I recently heard an NPR story called Older Americans Are Increasingly Unwilling — Or Unable — To Retire.  One thing this story mentioned is that seniors used to rely on their pensions for retirement. But with many jobs no longer supplying a pension, many people run the risk of not having enough to live on in their senior years, forcing them to keep working longer than they might have otherwise. And since many of the Boomer’s kids and grandkids are struggling to get by financially, the Boomers are stepping up to help. One recent survey cited in the NPR article showed that as many as 50% of seniors are dipping into their retirement savings just to keep those kids afloat.

Yep, that’s right, the Boomers are working to help keep the Millennials in their avocado toast. We’ll just add an OK Boomer to the whole “Boomers are Selfish” meme with that fact.

But Boomers Aren’t All Work and No Play

Seniors today…they don’t just want to live. They want to live large. They’ve put in their time raising kids and grandkids (those same kids and grandkids who are “OK Boomering” them now, BTW) and they still have lots to give to the world. I mean, did you SEE former President Jimmy Carter out there building homes for Habitat for Humanity even after falling and getting a black eye? It sure doesn’t look like Jimmy is spending a lot time in a rocking chair. And if anyone has earned the right to sit on a porch and rock, it’s Jimmy. As one of my co-workers here at Immersion Active pointed out, “I want to stay in bed if I have cramps. He’s out there building houses at 95 with a head wound!”

Speaking of people who are still working, have you seen who some of the biggest rock stars of the decade are? Boomers. There are the guys from Queen, Billy Joel, Tina Turner, Willie Nelson…the list goes on and on. And who is attending those concerts. Well, you and I, of course—I mean, we’re cool like that—but also Boomers. If you’ve been to a music festival lately you might have noticed that there are a lot of Boomers there, and they aren’t just there to see the old folks either. According to an article in Elite Daily, 40 percent of Boomers say they attend live events to stay current with the tastes of younger generations. So that’s a lot of Boomers rocking out to Lizzo and Billie Eilish instead of rocking away on their front porches.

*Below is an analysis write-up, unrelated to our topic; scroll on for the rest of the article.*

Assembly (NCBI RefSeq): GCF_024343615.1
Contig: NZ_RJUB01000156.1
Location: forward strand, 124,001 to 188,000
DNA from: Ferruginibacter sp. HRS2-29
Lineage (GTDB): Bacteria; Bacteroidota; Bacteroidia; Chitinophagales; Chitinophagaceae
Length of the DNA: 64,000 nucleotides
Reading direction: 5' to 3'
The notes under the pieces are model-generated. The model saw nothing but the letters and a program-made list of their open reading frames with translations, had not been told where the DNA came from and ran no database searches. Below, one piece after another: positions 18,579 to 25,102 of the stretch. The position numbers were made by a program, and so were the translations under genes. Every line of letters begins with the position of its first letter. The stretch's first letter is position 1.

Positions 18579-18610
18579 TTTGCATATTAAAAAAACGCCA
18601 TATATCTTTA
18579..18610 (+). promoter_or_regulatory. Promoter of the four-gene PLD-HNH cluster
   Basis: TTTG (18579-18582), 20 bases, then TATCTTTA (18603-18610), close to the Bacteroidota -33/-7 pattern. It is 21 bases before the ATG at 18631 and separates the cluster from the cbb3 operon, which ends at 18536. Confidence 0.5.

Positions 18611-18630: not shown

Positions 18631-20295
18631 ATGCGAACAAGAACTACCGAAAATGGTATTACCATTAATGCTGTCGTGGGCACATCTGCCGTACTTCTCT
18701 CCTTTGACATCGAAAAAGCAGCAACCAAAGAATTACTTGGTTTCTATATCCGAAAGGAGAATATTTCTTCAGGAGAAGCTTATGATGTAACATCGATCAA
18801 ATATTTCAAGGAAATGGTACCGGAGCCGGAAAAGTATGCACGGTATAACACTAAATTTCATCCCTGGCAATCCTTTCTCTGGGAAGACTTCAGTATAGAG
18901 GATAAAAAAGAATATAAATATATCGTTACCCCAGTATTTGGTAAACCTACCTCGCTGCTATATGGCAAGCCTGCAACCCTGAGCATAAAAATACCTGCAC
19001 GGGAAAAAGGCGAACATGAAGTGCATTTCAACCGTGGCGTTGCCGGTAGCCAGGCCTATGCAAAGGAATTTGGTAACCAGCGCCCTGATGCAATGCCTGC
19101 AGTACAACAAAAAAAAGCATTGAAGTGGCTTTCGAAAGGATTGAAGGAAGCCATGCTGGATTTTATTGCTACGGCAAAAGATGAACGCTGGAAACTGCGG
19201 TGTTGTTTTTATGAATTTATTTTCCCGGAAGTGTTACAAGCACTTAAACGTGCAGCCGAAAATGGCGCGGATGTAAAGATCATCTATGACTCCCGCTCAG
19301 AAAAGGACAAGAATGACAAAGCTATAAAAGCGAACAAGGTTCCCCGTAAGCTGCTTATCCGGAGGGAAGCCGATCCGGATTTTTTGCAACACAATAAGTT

So I think all of us owe my mom and the other hip Boomers out there a little respect for bucking the rocking chair trend and acting like the vibrant people they are. The next time you hear someone chirp out “OK Boomer,” do us all a favor and think about who the Boomer in the situation really is. After all, as my mom always used to say, “If you can’t say something nice, don’t say anything at all.”


Now, please excuse me. I’ve got to get this blog published so my mom has something to read on her smartphone while she’s waiting for the judge (who is probably also a Boomer) call her case. Don’t worry, if there are any typos, she’ll be sure to let us know.